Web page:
My brother, with less credit history and less regular spending than the rest of us, would only get the Hyatt Visa otherwise, worth 2 free nights, allowing him to take the most conservative approach. I would sign up for 3 cards total – the two Citi AAdvantage cards simultaneously and the one Chase Sapphire Preferred shortly thereafter – because I could afford the minimum spend but still have a shorter credit history than my parents. They would each sign up for all 4 cards, as they had a relatively small number of existing cards but excellent credit history.

Casey Dad Mom Brother
Citi AAdvantage MasterCard: 40,000 Miles After $1,000 in Purchases Citi AAdvantage MasterCard: 40,000 Miles After $1,000 in Purchases Citi AAdvantage MasterCard: 40,000 Miles After $1,000 in Purchases Citi AAdvantage MasterCard: 40,000 Miles After $1,000 in Purchases
Citi AAdvantage American Express: 40,000 Miles After $1,000 in Purchases Citi AAdvantage American Express: 40,000 Miles After $1,000 in Purchases Citi AAdvantage American Express: 40,000 Miles After $1,000 in Purchases Citi AAdvantage American Express: 40,000 Miles After $1,000 in Purchases
N/A Chase Hyatt Visa: 2 Free Nights At Any Hyatt After $1,000 in Purchases Chase Hyatt Visa: 2 Free Nights At Any Hyatt After $1,000 in Purchases Chase Hyatt Visa: 2 Free Nights At Any Hyatt After $1,000 in Purchases
Chase Sapphire Preferred: 40,000 Ultimate Rewards Points After $3,000 in Purchases Chase Sapphire Preferred: 40,000 Ultimate Rewards Points After $3,000 in Purchases Chase Sapphire Preferred: 40,000 Ultimate Rewards Points After $3,000 in Purchases N/A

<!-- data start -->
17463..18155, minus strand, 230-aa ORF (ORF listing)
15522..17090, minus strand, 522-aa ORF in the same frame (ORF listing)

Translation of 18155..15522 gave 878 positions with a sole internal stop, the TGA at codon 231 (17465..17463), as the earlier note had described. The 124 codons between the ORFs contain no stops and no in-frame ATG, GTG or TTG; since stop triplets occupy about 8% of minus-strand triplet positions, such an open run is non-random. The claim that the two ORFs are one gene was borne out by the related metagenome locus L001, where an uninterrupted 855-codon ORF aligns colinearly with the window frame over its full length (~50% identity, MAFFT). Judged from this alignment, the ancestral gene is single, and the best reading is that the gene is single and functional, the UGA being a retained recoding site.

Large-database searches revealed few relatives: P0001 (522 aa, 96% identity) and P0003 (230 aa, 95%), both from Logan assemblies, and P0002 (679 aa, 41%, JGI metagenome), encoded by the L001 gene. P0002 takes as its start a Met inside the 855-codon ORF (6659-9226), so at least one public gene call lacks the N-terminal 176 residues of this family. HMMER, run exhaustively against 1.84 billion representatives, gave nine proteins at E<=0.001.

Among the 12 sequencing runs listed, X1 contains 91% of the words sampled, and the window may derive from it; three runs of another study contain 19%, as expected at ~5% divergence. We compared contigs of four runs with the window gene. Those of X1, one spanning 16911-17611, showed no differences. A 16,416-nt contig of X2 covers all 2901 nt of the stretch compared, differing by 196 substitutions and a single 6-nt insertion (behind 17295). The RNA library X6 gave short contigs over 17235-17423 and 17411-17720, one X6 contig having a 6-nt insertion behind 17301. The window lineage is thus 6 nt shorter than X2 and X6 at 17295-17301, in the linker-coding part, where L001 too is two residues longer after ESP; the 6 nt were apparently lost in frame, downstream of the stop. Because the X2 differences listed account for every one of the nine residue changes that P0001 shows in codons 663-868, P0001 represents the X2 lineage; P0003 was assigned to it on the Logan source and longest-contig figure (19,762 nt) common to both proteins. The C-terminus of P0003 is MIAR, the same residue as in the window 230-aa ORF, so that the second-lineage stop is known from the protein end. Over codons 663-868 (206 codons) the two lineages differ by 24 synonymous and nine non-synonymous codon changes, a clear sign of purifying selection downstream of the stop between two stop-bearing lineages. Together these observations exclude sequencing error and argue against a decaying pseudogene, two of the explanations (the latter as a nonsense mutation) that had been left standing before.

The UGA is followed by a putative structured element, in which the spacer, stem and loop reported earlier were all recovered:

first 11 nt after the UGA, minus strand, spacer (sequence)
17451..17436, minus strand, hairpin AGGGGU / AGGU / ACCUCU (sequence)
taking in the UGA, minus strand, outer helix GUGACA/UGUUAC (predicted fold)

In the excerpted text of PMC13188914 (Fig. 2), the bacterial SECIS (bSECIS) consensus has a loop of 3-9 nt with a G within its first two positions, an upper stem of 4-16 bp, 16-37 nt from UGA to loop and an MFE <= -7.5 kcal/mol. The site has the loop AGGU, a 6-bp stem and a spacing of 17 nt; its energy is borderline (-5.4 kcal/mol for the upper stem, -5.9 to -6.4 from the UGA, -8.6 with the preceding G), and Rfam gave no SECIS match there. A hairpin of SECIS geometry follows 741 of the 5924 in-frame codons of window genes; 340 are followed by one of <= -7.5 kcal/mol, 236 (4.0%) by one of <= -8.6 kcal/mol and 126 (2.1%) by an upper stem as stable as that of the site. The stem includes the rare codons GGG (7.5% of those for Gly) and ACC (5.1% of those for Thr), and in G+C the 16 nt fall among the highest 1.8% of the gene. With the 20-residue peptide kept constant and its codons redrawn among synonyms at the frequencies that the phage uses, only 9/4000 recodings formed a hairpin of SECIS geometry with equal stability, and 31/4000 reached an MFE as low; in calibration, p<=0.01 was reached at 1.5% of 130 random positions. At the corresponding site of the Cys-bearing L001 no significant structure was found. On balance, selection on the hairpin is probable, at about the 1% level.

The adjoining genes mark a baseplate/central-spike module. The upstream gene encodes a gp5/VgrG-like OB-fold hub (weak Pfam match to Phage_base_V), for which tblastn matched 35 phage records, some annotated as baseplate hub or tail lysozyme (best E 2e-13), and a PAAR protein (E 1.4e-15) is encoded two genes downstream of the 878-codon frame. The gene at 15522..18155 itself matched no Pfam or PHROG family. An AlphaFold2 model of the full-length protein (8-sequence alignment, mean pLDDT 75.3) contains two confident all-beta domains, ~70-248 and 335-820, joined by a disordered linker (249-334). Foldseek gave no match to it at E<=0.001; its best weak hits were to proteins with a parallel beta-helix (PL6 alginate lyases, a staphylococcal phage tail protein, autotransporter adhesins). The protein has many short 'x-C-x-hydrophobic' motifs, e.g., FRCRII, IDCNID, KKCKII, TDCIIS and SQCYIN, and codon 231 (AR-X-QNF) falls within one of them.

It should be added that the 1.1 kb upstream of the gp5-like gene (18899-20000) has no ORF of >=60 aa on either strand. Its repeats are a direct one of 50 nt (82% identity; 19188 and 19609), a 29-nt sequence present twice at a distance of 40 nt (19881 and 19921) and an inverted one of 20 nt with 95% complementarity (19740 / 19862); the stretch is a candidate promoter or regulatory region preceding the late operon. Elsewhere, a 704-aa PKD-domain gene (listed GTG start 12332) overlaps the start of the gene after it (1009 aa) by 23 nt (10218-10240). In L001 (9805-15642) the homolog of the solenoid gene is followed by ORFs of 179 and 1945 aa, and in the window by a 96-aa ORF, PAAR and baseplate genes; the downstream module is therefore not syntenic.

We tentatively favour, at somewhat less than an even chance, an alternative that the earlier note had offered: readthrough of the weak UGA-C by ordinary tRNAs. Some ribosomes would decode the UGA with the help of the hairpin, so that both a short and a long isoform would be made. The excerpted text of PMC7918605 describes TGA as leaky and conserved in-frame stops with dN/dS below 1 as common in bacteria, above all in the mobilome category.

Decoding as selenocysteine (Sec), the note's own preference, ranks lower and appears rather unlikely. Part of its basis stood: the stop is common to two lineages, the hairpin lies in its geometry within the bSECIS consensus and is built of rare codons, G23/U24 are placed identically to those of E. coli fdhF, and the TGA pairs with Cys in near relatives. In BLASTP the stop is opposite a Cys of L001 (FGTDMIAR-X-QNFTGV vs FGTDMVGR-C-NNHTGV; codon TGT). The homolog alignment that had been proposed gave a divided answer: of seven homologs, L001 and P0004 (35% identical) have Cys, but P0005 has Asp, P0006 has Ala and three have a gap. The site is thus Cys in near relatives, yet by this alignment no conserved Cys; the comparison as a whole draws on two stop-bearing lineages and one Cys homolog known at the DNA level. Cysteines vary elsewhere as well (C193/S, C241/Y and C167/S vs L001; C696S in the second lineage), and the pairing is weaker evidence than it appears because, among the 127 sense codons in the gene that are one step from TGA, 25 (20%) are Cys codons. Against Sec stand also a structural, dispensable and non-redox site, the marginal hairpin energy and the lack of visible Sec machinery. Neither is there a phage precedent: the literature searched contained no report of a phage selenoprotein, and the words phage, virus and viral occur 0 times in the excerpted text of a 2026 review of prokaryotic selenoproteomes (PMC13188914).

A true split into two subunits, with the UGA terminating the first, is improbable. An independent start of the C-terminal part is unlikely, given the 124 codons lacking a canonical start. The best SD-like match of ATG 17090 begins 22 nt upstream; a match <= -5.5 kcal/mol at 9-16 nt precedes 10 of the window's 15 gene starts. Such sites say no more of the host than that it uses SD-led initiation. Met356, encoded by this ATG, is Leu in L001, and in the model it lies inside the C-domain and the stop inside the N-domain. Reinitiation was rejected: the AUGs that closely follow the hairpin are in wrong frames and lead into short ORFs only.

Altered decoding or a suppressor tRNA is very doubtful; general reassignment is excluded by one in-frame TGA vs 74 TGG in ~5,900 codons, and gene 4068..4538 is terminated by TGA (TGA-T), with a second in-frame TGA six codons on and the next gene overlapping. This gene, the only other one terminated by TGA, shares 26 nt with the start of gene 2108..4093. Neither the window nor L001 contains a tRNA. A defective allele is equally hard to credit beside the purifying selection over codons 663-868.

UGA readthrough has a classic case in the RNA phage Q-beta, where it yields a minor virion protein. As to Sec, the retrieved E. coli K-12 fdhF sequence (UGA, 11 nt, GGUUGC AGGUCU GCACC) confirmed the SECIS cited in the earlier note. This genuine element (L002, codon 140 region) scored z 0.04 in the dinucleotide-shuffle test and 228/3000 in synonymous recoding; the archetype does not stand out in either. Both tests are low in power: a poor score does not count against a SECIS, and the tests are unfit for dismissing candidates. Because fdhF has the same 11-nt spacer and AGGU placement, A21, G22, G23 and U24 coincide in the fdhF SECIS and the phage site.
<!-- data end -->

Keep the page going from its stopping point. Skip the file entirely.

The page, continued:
Total Min Spend: $5,000 Total Min Spend: $5,000 Total Min Spend: $5,000 Total Min Spend: $3,000

The only card with an annual fee in the first year was the Hyatt Visa, at $75, but this was more than offset by a $100 statement credit offer available at the time. So, the start-up costs for this venture came to $0 for me and, for my parents and brother, -$25!

Time for Kickoff

This was a bold plan, but it would allow us to not only grab the miles necessary for the flights, but to pool points and nights in order to secure two rooms each night in London and Paris. My brother and mom’s Hyatt award nights would be used in Paris, where we would spend two nights.

My mom and dad would each secure the rooms in London. My dad would use his 2 award nights and 22,000 of his Ultimate Rewards points for the third night. My mom would use 66,000 Ultimate Rewards points, after receiving a fair portion in transfer from myself and my dad, to book the 3 award nights in London. In total, this would result in 10 award nights at two of Hyatt’s most exclusive properties. An ambitious goal, to say the least!

As for the game tickets – yes, the game is still central to this trip! – we’d been assured by the Jaguars that the opportunity would come when tickets would be made available to season ticket holders. There was nothing more we could do on this front but wait, knowing that in the worst case, Stubhub.co.uk could save us.

At this point, we knew what we wanted and had a workable plan to make it happen. We called Hyatt and checked American’s award booking engine once more to ensure our itinerary was feasible. Sure enough, availability was open on all fronts. There was no guarantee it would remain this way, though, so the race was on: it was time to pull the trigger and begin rapidly amassing the necessary points and miles to make this dream trip reality.

Check back tomorrow for Part 5!

2 Comments
  1. Jason

    Casey, When your Dad booked 3 nights in London and then your mom booked 3 nights in London did you have to switch rooms or were you able to stay in the same room all 6 nights?

    • PointsAway

      Hi Jason,

      The nights were actually at the same time, because we had two rooms :) Same goes for Paris! Two rooms in each, so plenty of space to spread out.

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About PointsAway
Casey Ayers is a consultant and entrepreneur with a passion for travel. After amassing enough miles and points to travel anywhere in the world for almost free in less than six months, he developed PointsAway as a way to help others make travel dreams big and small come true.